• Intentionally using parameter names that conflict with data members (which are invoked with this->), apparently for "clarity" (I tend to prefer some artefact on parameters (usually a "a" prefix), it's the only place I use such Hungarian-style prefixes).
  • No indentation of switch cases (I've seen real bugs created by this confusing style).
  • No const-correctness whatsoever (that's probably the most serious one).
  • False globals (i.e., when you're more concerned about appearing not to be using global variables, you just end up hiding them in convoluted syntactic constructs).
  • Relying on code-generators for things that are trivially accomplished with the pre-processor.
  • 80 character limit, which I think is excessive and antiquated (I prefer 120).
  • CamelCase!
  • .. and no_camel_case...
  • if ( foo ) instead of if( foo ).
  • if ( Foo *foo = get_some_ptr() ) (clever... maybe, but unavoidably inconsistent).
  • Using Foo &foo, because everyone knows that a type modifier should be stuck to the object, not the type.. euh... whatever.
  • I've also spotted some non-capitalized MACROs.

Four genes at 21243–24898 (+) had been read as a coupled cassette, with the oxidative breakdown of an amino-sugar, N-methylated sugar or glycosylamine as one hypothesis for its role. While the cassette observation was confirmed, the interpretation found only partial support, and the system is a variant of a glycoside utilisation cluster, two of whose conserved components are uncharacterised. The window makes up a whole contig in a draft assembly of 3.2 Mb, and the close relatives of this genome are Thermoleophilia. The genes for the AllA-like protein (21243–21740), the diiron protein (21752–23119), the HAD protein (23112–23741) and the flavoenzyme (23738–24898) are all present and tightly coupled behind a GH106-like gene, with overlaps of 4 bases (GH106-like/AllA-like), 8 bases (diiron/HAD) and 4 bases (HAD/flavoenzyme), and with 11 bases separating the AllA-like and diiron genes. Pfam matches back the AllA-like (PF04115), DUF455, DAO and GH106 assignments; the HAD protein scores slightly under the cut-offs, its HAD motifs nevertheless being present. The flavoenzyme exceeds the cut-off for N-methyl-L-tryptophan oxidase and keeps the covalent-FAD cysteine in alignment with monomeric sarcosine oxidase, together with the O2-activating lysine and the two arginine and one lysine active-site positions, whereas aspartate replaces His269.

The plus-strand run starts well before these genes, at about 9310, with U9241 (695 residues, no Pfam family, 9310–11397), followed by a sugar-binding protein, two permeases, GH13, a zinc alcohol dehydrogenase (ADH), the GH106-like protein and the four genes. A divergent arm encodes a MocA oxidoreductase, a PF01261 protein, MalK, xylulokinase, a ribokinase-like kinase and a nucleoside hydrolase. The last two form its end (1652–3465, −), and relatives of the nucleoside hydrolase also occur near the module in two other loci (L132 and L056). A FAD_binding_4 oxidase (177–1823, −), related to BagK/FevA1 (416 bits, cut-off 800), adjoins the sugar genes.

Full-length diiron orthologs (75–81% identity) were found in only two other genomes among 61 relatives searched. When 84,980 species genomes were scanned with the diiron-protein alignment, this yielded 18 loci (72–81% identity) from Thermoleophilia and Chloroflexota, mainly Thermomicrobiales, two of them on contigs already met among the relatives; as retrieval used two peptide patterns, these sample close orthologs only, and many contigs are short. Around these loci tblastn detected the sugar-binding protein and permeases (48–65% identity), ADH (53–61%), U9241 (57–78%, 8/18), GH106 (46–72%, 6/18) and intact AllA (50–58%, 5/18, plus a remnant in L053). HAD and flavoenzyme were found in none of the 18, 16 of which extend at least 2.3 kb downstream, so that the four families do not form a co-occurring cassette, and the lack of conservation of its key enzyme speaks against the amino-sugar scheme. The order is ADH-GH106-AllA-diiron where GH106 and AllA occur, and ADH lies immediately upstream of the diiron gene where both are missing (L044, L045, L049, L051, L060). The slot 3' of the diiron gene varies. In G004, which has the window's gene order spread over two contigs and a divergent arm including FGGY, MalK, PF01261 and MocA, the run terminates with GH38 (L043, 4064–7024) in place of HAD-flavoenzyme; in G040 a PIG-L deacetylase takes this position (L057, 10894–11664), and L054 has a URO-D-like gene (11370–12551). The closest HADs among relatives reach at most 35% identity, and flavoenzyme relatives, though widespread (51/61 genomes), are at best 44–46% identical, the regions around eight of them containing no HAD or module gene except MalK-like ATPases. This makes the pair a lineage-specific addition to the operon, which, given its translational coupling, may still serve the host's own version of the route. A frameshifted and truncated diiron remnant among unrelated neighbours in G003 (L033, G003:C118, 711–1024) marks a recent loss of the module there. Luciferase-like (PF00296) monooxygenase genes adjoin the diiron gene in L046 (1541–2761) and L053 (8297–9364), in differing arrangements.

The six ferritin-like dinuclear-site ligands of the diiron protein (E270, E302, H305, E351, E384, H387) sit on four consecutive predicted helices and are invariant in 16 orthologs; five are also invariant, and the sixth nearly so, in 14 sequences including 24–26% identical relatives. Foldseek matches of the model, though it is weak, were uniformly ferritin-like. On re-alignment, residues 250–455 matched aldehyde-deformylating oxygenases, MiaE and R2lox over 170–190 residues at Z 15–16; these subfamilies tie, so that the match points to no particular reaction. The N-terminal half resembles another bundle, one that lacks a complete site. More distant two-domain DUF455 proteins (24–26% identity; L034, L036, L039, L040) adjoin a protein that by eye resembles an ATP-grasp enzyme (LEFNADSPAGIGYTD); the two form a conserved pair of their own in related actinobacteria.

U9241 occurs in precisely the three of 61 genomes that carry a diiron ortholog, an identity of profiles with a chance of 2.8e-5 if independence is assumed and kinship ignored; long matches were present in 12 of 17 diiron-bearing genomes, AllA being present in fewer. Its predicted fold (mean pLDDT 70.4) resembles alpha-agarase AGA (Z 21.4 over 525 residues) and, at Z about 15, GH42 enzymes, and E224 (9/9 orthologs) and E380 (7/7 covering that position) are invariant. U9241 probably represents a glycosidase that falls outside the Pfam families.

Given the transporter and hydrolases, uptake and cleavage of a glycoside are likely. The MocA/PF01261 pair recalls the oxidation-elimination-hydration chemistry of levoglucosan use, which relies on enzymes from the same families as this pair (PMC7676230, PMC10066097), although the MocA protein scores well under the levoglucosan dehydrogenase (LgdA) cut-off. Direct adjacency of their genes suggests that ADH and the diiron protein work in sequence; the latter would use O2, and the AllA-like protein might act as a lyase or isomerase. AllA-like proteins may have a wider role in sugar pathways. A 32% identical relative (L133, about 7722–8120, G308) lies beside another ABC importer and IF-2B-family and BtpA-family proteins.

• Raw pointers everywhere instead of references.
  • Error-codes, no exceptions (because you cannot use references, if you forbid exceptions).
  • No RAII (I guess it's a good thing they don't use exceptions!).
  • Virtually inexistent documentation.
  • Make-up-as-you-go interfaces (tons and tons of half-complete interfaces).
  • .... I guess what sums up their coding guidelines and styles is: multiple personality disorder.

I don't mean to disparage the LLVM / Clang folks (because many of those issues are secondary, and don't diminish the praise they deserve overall), but coding in there really feels like living in the dark ages of C++ (which I don't have any fond memories of, except maybe building character and resilience). I'm used to seeing code like that, from code-bases that were mostly developed in the 90s, and have been more or less inactive for 10 years. I don't expect that from a contemporary and active code-base like LLVM/Clang. Btw, LLVM is far better than Clang.

Comments
Good points. I agree with more than not but I have to side with CamelCase and if ( foo ) (I like the separation)